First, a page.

Munich taps geothermal plants outside the city for district heating

View over Munich, Germany (source: Praxisforum Geohtermie.Bayern/ Enerchange)
Alexander Richter 23 May 2019

Municipal utility of Munich, Stadtwerke München (SWM) plans to optimise its geothermal power plants outside the city to connect them to its Munich district heating networks in the medium term.

The city utility of Munich in Bavaria/ Germany, Stadtwerke München (SWM), is working on expanding the three geothermal power plants in Sauerlach, Dürrnhaar and Kirchstockach, with the goal to provide thousands of households inside and outside the city with district heating.

With this goal in mind, the municipal utility has secured a permit for “Munich Suedost” from the Bavarian Ministry of Economic Affairs’s, which allows further research (into geothermal resources) of the area more closely extending far into the districts of Miesbach, Rosenheim and Bad Tölz-Wolfratshausen. This should be done with the help of seismic measurements. SWM is building a district heating network in the Ottobrunn and Hohenbrunn areas. It should be just the beginning.

With the goal of a CO2-neutral energy supply, the Munich municipal utility not only invests in wind farms in the North Sea, they also extend their efforts directly to the immediate surroundings. Last year, a complex seismic survey was conducted, in cooperation with the geothermal companies in Pullach and Grünwald, that was to determine whether further deep drilling would make sense. The first results were promising. According to Helmut Mangold, Managing Director of Innovative Energy for Pullach GmbH (IEP), the data is currently being analyzed more closely in order to better assess the potential for generating energy. He expects results at the end of June or July (2019). Then, the three partners could individually or jointly, which would offer themselves according Mangold, further power plant plans. Mangold thinks primarily of district heating.

SWM is also focusing its attention more and more on district heating. In Sauerlach, Dürrnhaar and Kirchstockach, the utility has three geothermal plants in its hands, of which Sauerlach has previously supplied district heating customers. The municipal utility wants to change that and integrate the three power plants into a district heating network, as the technical managing director of Stadtwerke, Helge-Uve Braun, announces.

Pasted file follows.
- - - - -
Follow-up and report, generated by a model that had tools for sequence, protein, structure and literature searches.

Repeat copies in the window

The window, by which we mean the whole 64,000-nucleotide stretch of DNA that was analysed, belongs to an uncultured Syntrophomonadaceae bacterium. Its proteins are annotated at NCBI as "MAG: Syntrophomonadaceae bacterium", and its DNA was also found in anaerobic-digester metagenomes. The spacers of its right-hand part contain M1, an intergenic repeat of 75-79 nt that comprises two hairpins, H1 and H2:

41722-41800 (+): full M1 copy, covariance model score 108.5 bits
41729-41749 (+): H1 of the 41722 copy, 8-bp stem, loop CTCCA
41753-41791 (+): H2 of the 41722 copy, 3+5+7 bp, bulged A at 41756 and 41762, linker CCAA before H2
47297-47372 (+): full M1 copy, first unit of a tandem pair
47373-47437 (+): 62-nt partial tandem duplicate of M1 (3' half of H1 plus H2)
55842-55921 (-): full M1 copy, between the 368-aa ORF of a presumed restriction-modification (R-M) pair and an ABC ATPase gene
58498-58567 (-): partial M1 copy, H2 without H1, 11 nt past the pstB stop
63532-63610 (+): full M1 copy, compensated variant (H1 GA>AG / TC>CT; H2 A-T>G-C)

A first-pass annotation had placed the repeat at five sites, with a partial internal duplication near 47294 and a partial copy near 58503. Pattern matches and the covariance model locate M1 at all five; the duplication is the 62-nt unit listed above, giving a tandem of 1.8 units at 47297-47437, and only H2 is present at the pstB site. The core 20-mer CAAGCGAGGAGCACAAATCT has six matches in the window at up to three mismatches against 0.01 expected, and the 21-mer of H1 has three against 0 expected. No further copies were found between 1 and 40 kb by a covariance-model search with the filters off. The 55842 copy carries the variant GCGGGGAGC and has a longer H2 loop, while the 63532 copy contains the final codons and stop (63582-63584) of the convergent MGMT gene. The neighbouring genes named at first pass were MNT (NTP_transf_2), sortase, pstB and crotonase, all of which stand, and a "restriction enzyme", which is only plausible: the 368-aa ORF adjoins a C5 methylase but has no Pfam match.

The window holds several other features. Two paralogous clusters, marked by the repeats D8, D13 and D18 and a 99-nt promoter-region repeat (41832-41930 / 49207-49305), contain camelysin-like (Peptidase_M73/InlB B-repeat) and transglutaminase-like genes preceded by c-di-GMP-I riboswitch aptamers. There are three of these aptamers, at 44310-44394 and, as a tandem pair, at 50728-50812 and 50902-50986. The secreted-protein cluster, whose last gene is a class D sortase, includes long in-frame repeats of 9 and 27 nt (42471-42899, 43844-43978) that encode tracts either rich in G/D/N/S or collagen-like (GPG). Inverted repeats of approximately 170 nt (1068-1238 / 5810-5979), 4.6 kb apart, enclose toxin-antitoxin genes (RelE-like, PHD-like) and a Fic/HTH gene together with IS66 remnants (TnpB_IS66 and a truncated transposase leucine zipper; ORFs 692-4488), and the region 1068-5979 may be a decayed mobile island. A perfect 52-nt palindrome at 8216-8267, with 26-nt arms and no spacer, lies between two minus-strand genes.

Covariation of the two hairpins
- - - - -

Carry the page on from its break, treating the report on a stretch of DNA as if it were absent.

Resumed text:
The three geothermal plants should help to achieve the stated goal of the municipal utilities, to supply the city of Munich fully with renewable energy by 2040. This is to be achieved mainly with the help of deep geothermal energy. The acquisitions of Energieversorgung Ottobrunn and Bio-Energie Taufkirchen (BET) have already secured SWM a considerable pipeline network, which is currently being further expanded.

According to the plan, Energieversorgung Ottobrunn will complete the connection to the Kirchstockach geothermal plant later this year. In addition to a biomass power plant, Bio-Energie Taufkirchen also has a 40-kilometer long-distance heating network that supplies customers in Taufkirchen, Unterhaching, Hohenbrunn, Brunnthal and Neubiberg, as well as in Ottobrunn’s west. According to SWM Managing Director Braun, the utility strives for a line connection also in the Munich urban area in the medium term.

In order to be able to tackle these large and long-term goals on a solid basis, further research is planned to explore the subsurface from which the existing power plants, especially in Dürrnhaar and Kirchstockach, draw hot water. Currently, only electricity is being generated from the resources tapped by these plants.

The municipal utilities took over both geothermal plants in 2016, as we reported. As municipal utilities spokesman Michael Solic says, existing geothermal concessions have undergone potential analysis for district heating use. It has been shown that there is too little subsurface data available in the Kirchstockach and Dürrnhaar facilities.

Using seismic measurements, the plan is to explore in more detail three-dimensionally how the water-bearing layers ran and where there were fractures in the rock in order to be able to use the thermal water flows underground as “as sustainably and optimally as possible”. Where, in the next few months, the vibrating vehicles known from the in-depth investigation in the Pullach area will show up, according to Solic, it is still not clear. Currently, preparations are underway for the targeted investigation. If measurements were to be made, a separate permit would be requested from Bergamt Südbayern in the Ministry of Economic Affairs.

Source: Sueddeutsche Zeitung